Apples and Pears at Chester Farm
Sample material from some of Chester Farm's surviving orchard trees has been sent off to the Brogdale Collection for identification. The identification results are listed below the tree map.
November 2016 update
Not only have the Chester Farm gardens produced grapes (see the Thomas Messenger Greenhouse page) but this has been an excellent year for the orchard trees, some of which were absolutely laden. Our photograph shows the delicious Lord Hindlip apples.
The National Fruit Collection at Brogdale is the world's largest collection of fruit trees, holding some 2,200 varieties of apple from all over the world and 550 varieties of pear. They are therefore ideally placed to run a fruit identification service and the Chester Farm team, hoping that this would provide further insight into the garden’s development, sent off material in late 2015.
Various fruit tree tags have also been found during the course of excavation in this area of the site, including some good varieties such as Beauty of Kent and the delightfully named King of the Pippins. There was undoubtedly a Victorian orchard in the southern end of the walled area, and the species still surviving include ones introduced in Victorian times, such as Buerre Hardy pears.
However, it seems that the area was dug up and replanted in the late 1920s, with a mix of Victorian varieties and newer ones, such as the apple Lord Hinslip. This orchard, with double rows of trees, was again dug up in the early 1970s and the few surviving trees probably date from this period. That these include Victorian varieties is simply an indication that these were favoured fruit-producing varieties.
Tree 1: American Mother
American Mother arose in Worcester County Massachusetts and was first recorded in 1844; it came to England in the latter half of the 19th century. American Mother was widely grown as a garden apple and remains a favourite amateur variety, it has recently become popular on the continent on account of its disease resistance.
Tree 2: Rootstock
This pear tree may be the rootstock that is fruiting rather than a grafted variety. The variety may have been lost a long time ago and the rootstock is now fruiting.
Tree 3: Vicar of Winkfield
Vicar of Winkfield used to be a quite popular pear in UK orchards, but is more commonly encountered in Northern Europe, where it is known as Le Cure’. It was found in 1760 in a wood by M. Leroy a curate at Villiers-en-Brenne, France. It was introduced to England by Reverend W.L. Rham of Winkfield in Berkshire and first listed in 1842.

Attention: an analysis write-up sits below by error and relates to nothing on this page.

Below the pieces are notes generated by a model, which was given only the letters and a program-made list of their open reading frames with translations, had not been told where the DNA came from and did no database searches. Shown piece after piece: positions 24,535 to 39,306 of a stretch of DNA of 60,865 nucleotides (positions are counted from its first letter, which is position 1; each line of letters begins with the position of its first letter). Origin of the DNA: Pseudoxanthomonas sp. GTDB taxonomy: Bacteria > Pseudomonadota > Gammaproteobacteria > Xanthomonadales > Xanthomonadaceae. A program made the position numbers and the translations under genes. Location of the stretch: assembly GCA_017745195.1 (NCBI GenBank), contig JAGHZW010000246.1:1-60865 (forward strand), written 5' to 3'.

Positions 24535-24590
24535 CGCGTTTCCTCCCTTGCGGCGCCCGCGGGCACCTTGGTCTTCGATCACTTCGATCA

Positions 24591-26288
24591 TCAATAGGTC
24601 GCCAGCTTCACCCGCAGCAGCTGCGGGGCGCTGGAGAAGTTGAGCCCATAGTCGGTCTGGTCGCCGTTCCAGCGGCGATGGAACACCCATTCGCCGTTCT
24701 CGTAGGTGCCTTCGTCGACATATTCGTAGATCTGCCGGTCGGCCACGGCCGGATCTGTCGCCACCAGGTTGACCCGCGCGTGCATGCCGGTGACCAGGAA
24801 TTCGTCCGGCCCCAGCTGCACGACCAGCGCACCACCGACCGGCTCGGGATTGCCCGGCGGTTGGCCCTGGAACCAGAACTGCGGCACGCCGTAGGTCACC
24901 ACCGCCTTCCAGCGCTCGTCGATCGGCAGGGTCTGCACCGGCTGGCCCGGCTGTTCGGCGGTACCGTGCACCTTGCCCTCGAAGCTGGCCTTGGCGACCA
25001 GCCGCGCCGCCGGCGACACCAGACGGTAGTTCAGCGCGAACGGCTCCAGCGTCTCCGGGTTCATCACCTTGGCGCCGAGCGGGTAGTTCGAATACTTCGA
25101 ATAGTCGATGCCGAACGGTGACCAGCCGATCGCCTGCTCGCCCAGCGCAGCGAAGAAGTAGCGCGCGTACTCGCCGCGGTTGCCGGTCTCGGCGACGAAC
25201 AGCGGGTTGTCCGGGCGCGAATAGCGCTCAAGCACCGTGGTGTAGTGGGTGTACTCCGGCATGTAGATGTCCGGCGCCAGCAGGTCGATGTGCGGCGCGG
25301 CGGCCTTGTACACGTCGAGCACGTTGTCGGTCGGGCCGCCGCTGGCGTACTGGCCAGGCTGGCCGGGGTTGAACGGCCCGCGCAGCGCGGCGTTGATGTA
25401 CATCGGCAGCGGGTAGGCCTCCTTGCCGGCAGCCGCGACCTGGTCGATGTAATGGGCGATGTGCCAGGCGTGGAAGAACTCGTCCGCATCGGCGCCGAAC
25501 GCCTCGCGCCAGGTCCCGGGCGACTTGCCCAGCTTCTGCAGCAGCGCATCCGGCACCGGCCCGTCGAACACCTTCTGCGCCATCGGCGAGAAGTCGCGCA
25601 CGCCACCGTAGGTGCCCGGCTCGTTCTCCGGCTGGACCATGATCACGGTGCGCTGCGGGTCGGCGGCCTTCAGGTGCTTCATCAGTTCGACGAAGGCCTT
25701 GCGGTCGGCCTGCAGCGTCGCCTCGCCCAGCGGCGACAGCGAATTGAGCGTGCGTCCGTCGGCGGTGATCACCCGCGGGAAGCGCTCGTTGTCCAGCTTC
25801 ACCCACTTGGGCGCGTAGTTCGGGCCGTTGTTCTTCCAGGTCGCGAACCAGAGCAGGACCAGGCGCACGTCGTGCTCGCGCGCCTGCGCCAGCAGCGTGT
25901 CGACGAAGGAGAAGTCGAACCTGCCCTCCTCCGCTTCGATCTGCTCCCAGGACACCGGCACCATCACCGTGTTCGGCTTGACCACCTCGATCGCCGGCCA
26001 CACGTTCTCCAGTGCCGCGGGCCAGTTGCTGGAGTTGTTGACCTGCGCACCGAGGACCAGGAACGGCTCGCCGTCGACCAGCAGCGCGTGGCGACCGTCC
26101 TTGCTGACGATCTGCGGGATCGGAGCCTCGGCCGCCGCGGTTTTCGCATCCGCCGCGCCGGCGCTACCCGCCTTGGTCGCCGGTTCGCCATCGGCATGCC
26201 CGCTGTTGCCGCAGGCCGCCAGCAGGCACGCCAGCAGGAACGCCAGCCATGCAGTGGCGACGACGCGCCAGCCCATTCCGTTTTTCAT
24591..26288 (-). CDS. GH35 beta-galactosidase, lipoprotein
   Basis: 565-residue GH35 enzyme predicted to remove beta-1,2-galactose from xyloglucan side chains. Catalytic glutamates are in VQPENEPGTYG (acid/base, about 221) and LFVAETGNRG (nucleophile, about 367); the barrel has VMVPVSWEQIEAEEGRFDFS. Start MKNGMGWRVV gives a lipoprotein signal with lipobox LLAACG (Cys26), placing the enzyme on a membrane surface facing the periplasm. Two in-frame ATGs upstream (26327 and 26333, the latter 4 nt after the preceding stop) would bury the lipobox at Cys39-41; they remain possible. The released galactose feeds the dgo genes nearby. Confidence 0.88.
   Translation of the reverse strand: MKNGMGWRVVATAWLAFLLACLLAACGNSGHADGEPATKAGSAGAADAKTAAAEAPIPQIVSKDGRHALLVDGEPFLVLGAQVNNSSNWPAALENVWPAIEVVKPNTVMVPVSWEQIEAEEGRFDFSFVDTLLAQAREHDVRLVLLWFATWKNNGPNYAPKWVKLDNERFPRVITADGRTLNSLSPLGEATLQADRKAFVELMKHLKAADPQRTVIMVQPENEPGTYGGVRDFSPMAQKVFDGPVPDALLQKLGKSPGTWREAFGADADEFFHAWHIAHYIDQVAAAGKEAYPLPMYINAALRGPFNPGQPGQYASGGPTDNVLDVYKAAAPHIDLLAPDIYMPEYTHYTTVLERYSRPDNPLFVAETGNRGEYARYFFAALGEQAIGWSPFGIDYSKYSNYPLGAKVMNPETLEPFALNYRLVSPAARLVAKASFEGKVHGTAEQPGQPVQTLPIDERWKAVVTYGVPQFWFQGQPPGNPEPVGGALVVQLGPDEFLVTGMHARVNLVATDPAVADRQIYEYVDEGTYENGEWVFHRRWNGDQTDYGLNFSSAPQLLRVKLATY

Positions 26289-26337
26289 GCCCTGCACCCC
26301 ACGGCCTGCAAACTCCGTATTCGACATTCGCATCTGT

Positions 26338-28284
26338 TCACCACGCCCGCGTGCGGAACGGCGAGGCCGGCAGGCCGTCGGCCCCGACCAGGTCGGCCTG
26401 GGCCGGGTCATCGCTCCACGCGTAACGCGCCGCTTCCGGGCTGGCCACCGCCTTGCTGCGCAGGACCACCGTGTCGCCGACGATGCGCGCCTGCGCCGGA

Tree 4: probably Pitmaston Duchess
This pear was raised in 1841 by John Williams at Pitmaston, Worcestershire from Duchesse d’Angouleme x Glou Morceau.
Tree 6: Nouveau Poiteau
Nouveau Poiteau was raised by Van Mons at Louvain Belgium in 1827 and first fruited in 1843. It was named after the pomologist Poiteau. Pomology is a branch of botany that studies and cultivates fruit.
Tree 7: probably Beurré Hardy
Widely grown in gardens, this handsome pear with beautiful melting juicy flesh perfumed with rose water. Beurre Hardy was raised in 1820 by M. Bonnet in Boulogne France, named in honour of M. Hardy – Director of the Luxembourg Gardens in Paris and introduced 1840-45.
Tree 8: probably Williams’ Bon-Chretien
William Bon Chretien was raised before 1770 at Aldermaston, Berkshire and first named in 1814.The most widely grown pear in the world, although not grown widely in the UK.
Tree 9: Lord Hindlip
Lord Hindlip used to be a popular garden apple and remains quite well known among fruit enthusiasts. Lord Hindlip arose in Worcestershire and was named after the owner of the Worcestershire estate and introduced in 1896-1898.
Tree 10: Unknown
Unfortunately, in 2015 there was not enough fruit on tree 10 for Brogdale to make an assessment. We can only hope for better things in 2016.
Metal tags found during digs include the following varieties: Lord Lennox, Lord Grosvenor, Beauty of Kent, King of the Pippins, Claygate Pearmain and Lord Derby.
(Tree 11: may be another Lord Hindlip)
Beauty of Kent
This variety, known since 1790 was a firm Victorian favourite on account of its large size and excellent flavour.
King of the Pippins
Known since 1770, but probably much earlier. A multi-purpose variety, used in France and England as a dessert apple, for cooking and for cider making. Widely grown all over England.
Discovered by John Braddick growing in a hedge near his home at Claygate in Surrey. In 1822 he sent specimens to the London Horticultural Society, who agreed that "it is unquestionably a first rate dessert apple".
The sheer variety of apples and pears grown shows that the Chester Farm household were aiming for self-sufficiency. There were both dessert and cooking apples and pears and there were early, mid and late ripening varieties which would have given them good succession.
Some of the fruits were noted for being good for pickling whilst others for their keeping qualities. Varieties like King of the Pippins would have been carefully packed away in the autumn in a cool, dry place and would have provided fruit for the household right through the winter.